Three LED backed buttons and a fader complete each track control strip. The buttons have that familiar “rubberised but a little too small for their housing so wobble around when pressed” feeling, so you wouldn’t use these to hammer out beats (that’s what the drum pads are for). But they do the job they’re intended for, and with bi-directional feedback from the host DAW they update themselves intelligently. With this and the two extra encoders, the equivalent NanoKontrol is left in the dust. 1-0 to Reloop.

I’ve struggled using the pads on the Ableton Push as they’re a bit too small and close together. The drum pads of the Reloop Keypad however are well spaced out and large enough for my uncoordinated fingers. They respond well to the touch, and light up blue (sorry Dan) around the edges when struck. The pads feel sturdy enough for bit of a bashing, and are velocity sensitive too, something that can be turned on or off directly from the unit. They also have a further option for switching the pad output from MIDI Notes to MIDI CCs, which is very useful to the Ableton performer allowing mapping to effect parameters and the like as well as being a performance tool.

The final part of the trilogy in this Swiss Army knife of a controller is the keyboard. Don’t expect a fully weighted Steinway experience — think more upper class toy piano and you won’t go far wrong. As with the drum pads these are velocity sensitive and with octave up and down buttons can give the 25 keys on offer the full range of playing capability. There’s additional functionality available for the keys which is clearly marked on the unit above each individual key. I’ll cover the arpeggiator and chord functions later.

Many of the controllers I’ve used over the years have suffered greatly from travelling. The Reloop Keypad has an advantage as nothing really sticks out from it to get knocked off. Yes the faders and encoders are undeniably plastic and feel cheap to the touch, but they do feel sturdy enough. One of the great advantages of this unit is that it packs a lot into a small space so you can take it on the road.

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Plugging in the Keypad brings a comforting but short light display of the flashing of the drum pads (Reloop likes this… Ed), a short delay and then the lighting of the track number pads to indicate the tracks available to control in Ableton Live.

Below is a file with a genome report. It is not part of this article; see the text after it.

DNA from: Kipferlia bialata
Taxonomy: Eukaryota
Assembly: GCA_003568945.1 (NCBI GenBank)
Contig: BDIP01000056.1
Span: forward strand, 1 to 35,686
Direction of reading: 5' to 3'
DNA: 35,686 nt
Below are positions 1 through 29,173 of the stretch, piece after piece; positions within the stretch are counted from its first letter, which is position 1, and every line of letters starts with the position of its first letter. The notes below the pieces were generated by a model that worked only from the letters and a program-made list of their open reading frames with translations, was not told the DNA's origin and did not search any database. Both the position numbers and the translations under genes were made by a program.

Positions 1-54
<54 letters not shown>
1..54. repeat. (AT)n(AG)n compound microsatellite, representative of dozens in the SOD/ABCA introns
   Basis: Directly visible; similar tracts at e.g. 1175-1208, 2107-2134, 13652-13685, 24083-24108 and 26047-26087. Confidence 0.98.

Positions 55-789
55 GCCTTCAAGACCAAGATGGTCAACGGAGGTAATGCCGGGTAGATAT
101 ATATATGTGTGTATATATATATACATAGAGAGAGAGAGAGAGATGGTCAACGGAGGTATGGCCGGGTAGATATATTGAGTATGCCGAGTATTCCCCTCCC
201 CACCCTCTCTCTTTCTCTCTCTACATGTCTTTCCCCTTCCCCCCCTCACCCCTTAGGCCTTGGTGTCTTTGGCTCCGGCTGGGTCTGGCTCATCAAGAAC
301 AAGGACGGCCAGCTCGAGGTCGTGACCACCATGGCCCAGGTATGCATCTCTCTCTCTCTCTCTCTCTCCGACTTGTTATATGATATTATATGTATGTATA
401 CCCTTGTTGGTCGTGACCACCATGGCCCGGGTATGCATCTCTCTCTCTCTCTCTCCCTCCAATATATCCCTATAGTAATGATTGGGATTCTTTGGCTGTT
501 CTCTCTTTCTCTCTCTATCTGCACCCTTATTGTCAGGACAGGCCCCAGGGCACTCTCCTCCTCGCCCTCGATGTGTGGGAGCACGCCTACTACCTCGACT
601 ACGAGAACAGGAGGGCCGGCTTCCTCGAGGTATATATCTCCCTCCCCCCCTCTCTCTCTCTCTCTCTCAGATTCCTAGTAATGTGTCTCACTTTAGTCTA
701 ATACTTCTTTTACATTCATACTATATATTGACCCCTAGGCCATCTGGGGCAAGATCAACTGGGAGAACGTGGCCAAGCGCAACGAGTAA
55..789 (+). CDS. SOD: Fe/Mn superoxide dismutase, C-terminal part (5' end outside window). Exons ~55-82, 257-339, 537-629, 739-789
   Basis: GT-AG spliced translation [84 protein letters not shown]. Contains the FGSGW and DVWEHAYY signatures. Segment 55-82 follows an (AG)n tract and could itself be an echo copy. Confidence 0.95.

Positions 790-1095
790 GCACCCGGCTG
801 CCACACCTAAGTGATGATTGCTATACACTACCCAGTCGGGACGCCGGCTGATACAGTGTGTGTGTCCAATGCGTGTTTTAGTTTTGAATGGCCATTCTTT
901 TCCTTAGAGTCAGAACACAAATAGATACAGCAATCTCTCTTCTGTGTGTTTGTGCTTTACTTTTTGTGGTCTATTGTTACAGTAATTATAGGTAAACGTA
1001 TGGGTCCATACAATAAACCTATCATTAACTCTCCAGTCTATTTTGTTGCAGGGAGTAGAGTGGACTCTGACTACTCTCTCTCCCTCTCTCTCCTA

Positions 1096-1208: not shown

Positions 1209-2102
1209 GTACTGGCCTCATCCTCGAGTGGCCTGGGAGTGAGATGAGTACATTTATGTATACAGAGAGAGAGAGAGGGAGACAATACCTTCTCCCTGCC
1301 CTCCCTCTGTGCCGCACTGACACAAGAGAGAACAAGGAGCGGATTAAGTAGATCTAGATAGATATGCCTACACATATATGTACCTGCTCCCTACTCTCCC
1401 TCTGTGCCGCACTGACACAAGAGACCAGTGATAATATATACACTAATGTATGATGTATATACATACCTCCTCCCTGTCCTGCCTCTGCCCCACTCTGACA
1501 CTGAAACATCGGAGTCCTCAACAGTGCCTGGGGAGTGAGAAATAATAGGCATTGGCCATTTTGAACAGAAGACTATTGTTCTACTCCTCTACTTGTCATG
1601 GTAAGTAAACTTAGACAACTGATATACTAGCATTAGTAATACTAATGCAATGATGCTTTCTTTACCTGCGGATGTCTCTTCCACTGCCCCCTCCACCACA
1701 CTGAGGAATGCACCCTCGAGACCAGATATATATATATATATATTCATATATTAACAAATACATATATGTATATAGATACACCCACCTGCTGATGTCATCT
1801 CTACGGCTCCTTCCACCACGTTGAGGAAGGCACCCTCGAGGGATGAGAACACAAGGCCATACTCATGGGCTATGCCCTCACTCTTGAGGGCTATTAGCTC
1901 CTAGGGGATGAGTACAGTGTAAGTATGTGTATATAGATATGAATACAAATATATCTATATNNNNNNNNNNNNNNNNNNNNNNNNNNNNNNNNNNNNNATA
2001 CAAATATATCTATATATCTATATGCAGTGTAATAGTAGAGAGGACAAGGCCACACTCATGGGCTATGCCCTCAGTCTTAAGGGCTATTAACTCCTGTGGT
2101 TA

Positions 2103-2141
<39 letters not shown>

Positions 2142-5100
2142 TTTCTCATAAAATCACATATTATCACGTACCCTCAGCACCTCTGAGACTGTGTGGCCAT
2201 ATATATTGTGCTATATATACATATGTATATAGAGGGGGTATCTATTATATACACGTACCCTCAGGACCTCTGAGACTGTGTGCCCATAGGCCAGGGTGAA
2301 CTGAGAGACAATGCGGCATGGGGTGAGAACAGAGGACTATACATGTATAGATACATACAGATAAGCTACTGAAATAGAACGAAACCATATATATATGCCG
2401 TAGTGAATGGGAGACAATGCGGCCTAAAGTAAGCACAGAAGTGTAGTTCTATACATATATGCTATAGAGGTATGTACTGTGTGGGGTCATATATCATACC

As with all new devices I left the instructions, a quick start guide of three pages of A4, in the box and started pressing buttons.

My background is first and foremost as a DJ. I use Ableton Live mainly for DJing and my Max4live projects, so I’ve not produced a beat in anger or otherwise since I bought the program when it was on version 5. My first step was to open and configure some form of Ableton template to get the most out of the device. Selecting the unit as one of the six available remote surfaces available was simple enough, and meant much of the mapping was done for me.

I decided not to complicate things based on the marketed appeal to provide the beginner with an all-in-one solution that shouldn’t take a month to master. As the Keypad has eight track strips it made sense to start with this principle as a base and work up from there.  With a drum rack in the first track, bass and two leads over half of my controls were taken up already.

The first thing that struck me when I plugged the controller in, having been used to Ableton Live integrated controllers like the Launchpad and APC series, was that there was no clip Launch rectangle. Commonly know as the Red Box, this gives the user an on-screen visual guide on what’s in control. Now I understand that this controller isn’t arranged as a grid, but I would’ve thought that most users would like the ability to scroll across tracks and not just bank between the first and second eight. According to the Reloop forum this is a feature request that has been noted and filed for future reference.

REVIEW: Reloop Keypad Keyboard Controller

After five minutes of staring at the Reloop Keypad to understand the screen printed shift functionality for various buttons, I was ready to have a play. Five minutes after that I was looking at the Quick Start guide, then the full manual… and shortly later watching each of the tutorial videos in turn. This is not as simple a controller as you first imagined, nor for me on my first tests one that was very intuitive.

One video in and I learned that to control 16 tracks, I had to use the SHIFT / SCENE button to switch to SCENE 2 to control tracks 9 through to 16. As a scene in Live is something completely different, this was misleading. A simple change to the labelling of the 1 and 2 LEDs to show tracks 1-8 and 9-16 would have saved me some effort.

Out of the box the top endless encoder is mapped automatically to the pan of the corresponding track. The other encoders are mapped to send A and B (which is the maximum number allowed in Live Lite appropriately).